American Empire and the Political Economy of Global Finance by Leo Panitch, Martijn Konings

By Leo Panitch, Martijn Konings

In a full of life critique of ways overseas and comparative political economic climate misjudge the connection among international markets and states, this publication demonstrates the valuable position of the yank nation in ultra-modern international of globalized finance. The individuals put aside conventional emphases on army intervention, having a look as an alternative to economics.

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And it would have to come to be seen that, far from necessarily representing a diminution of American power, the outflow of capital and the balance of payments deficits were actually laying the basis for a dollar-based credit expansion and financial innovation, both domestically and internationally – what Seabrooke appropriately calls the ‘diffusion of power through the dollar’ (2001: 68). Above all, it would be necessary for the American state, as the imperial state, to retain the confidence of the ever more dynamic and powerful financial capitalists in the face of the pressures on the dollar.

Within the third world, instances of attempted withdrawal from Americanled global capitalism were contained (the American defeat in Vietnam had not led to any domino effect) or turned around (the overthrow of Allende being followed by the introduction of neoliberalism under Pinochet), while the recycling of petrodollars further integrated the third world into global financial circuits. Yet the management of global capitalism remained problematic. What had not emerged were the disciplinary mechanisms needed to adjust national economies to the rhythms of international accumulation.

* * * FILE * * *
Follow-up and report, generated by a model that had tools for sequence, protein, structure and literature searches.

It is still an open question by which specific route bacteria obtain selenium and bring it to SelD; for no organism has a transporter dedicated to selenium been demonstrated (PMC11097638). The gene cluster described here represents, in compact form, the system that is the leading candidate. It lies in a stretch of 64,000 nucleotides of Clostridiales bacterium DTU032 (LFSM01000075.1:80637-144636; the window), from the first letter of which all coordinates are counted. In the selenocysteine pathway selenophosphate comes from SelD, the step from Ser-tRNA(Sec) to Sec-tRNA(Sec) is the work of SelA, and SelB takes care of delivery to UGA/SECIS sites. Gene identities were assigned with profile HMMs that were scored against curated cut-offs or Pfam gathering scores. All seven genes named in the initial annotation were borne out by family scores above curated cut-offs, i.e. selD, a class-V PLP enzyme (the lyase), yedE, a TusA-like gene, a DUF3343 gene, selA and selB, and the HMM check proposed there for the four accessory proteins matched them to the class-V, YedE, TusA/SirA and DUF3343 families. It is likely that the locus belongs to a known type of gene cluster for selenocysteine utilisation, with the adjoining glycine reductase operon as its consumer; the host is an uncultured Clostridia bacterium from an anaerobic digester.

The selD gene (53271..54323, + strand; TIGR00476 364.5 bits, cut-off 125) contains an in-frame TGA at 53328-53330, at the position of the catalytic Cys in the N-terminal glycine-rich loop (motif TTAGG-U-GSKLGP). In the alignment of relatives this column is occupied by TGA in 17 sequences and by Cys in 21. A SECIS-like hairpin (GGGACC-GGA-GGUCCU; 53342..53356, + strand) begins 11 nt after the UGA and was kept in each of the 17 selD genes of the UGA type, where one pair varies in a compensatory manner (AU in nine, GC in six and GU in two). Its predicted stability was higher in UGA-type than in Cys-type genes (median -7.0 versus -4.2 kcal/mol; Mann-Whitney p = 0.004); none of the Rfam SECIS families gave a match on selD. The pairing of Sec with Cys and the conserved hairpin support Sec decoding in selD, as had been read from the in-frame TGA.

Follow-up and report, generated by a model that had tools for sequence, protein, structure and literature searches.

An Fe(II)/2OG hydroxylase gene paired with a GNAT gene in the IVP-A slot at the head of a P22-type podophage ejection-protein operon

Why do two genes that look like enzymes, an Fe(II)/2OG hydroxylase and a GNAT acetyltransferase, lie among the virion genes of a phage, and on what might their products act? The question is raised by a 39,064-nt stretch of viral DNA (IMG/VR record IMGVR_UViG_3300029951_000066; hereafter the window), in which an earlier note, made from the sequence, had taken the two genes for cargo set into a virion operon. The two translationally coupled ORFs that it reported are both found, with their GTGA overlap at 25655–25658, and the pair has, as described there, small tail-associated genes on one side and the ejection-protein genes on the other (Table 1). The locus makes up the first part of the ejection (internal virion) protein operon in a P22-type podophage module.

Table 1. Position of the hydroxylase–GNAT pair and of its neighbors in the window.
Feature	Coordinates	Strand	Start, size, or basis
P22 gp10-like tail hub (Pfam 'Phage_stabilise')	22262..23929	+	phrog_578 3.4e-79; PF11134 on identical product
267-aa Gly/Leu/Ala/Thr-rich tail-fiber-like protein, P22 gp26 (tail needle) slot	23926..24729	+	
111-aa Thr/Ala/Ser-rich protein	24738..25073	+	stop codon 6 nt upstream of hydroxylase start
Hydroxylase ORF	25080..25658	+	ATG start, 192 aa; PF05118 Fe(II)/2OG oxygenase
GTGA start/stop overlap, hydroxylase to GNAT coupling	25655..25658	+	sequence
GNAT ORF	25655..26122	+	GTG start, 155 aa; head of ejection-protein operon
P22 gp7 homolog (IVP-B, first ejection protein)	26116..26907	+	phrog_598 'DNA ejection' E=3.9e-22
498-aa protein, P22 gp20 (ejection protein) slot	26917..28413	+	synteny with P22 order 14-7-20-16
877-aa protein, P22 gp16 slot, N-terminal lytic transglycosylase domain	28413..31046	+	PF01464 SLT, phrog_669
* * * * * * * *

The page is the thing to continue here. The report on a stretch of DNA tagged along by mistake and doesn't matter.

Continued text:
The Federal base rate rose from an average of 8 per cent in 1978 to over 19 per cent at the beginning of 1981 and did not consistently return to less than double digits until after 1984. The Fed’s brief embrace at this time of the Friedmanite goal of controlling the money supply was contradicted by the diversity of financial instruments that had already developed – and that would soon spread much further under the impetus of extremely high interest rates. As Greenspan (1997) later explained: ‘Increasingly since 1982 we have been setting the funds rate directly .

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